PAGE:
Figure 7 also shows phase extraction from two-shot 256 × 256 pixels interferograms but with closed fringes, which is very common in non-null interferometry, for example, in aspheric surfaces measurement [51]. Eleven-frame phase-shifted interferograms were first processed by the AIA method [3] and the recovered phase [Fig. 7(c)] was regarded as the reference. The proposed method employed up to 7th order Zernike polynomials to represent the phase. The evaluated expansion coefficients, the reconstructed phase map and the quantified error map (with respect to the AIA phase map) are shown in Figs. 7(d)-7(f), respectively. The Zernike coefficients mainly concentrate in the 4th and 11th terms, which corresponds to defocus and primary spherical aberrations, respectively. The quantified Q index and RMS value for this case are 0.865 and 0.236 rad, respectively. After the same normalization operation [36], the two-shot fringe patterns were also demodulated by the Kreis method [25] for comparison, and the extracted phase map and residual error are shown in Figs. 7(g) and 7(h), respectively. The quantified Q index and RMS value are 0.770 and 0.421 rad, respectively. Clearly, the phase retrieved by the proposed method is consistent with the AIA result and has a better quality than the result by the Kreis method.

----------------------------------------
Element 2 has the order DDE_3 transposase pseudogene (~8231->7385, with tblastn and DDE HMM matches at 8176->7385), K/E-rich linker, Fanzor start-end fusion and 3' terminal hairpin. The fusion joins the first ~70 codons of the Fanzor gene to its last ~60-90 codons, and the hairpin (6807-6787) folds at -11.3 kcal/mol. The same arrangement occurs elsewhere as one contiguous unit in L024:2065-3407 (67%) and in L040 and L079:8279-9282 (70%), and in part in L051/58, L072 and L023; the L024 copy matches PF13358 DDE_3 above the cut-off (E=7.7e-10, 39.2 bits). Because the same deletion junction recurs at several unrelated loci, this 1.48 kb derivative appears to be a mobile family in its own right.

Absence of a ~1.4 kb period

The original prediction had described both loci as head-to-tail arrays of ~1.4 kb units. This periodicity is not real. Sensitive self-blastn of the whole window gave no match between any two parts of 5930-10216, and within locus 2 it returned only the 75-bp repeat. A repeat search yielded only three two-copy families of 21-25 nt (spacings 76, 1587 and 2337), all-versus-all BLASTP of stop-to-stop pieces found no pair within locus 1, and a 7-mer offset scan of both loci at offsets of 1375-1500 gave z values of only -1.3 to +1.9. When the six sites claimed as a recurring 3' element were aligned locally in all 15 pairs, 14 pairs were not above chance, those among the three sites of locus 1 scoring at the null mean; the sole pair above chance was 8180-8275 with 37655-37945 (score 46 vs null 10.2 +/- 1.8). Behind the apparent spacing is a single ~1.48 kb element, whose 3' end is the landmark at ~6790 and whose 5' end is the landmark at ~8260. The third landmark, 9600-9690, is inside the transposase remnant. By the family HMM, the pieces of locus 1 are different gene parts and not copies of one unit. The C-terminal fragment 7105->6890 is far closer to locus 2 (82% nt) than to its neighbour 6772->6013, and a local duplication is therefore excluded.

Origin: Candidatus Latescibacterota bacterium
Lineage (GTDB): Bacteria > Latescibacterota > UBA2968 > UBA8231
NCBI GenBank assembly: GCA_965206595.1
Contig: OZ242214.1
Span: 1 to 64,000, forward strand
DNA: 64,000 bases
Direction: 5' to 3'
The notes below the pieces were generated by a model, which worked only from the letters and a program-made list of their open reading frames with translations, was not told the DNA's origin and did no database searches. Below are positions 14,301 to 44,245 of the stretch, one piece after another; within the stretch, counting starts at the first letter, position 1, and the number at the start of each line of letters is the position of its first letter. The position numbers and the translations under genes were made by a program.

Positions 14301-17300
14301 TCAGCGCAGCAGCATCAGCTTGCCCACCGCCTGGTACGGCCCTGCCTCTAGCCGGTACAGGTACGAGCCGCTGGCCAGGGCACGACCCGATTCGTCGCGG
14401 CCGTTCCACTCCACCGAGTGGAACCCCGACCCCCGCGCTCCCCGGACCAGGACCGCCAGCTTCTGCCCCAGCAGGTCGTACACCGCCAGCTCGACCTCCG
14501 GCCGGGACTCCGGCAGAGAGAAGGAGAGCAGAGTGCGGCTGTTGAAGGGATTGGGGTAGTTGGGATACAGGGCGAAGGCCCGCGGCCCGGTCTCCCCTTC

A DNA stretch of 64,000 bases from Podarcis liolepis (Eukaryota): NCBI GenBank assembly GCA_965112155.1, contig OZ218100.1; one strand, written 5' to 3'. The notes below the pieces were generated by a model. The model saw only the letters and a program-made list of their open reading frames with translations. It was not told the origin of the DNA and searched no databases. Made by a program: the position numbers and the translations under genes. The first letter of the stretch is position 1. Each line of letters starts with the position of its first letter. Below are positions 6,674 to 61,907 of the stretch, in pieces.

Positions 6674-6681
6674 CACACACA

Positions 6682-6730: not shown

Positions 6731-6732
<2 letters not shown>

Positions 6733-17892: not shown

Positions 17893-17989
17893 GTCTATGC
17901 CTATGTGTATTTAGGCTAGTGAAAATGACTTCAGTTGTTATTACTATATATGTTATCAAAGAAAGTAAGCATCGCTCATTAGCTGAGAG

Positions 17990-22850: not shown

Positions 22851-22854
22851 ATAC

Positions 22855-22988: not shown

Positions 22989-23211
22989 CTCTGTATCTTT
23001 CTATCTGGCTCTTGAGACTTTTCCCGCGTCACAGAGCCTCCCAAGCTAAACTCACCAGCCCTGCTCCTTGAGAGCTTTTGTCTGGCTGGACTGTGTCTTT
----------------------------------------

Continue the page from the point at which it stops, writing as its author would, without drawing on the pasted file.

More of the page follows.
Finally, we demonstrate the low fringe-number interferograms demodulation capability of the proposed algorithm (see Fig. 8). Low fringe-number interferograms, which typically have less-than-one fringe (phase change smaller than 2π), are common in several cases, such as in null interfermetry to avoid retrace error [52], and in cat’s eye configuration for absolute testing [1]. Many algorithms in the literature fail to treat such kind of fringe patterns [53, 54]. Figures 8(a) and 8(b) show two experimentally acquired 256 × 256 pixels fringe patterns with less-than-one fringe. We also first evaluated eleven-frame phase-shifted interferograms using the AIA method [3] and treated the recovered phase [Fig. 8(c)] as the reference. Fifth-order Zernike polynomials and a search range *x _{i}*

_{max}= -

*x*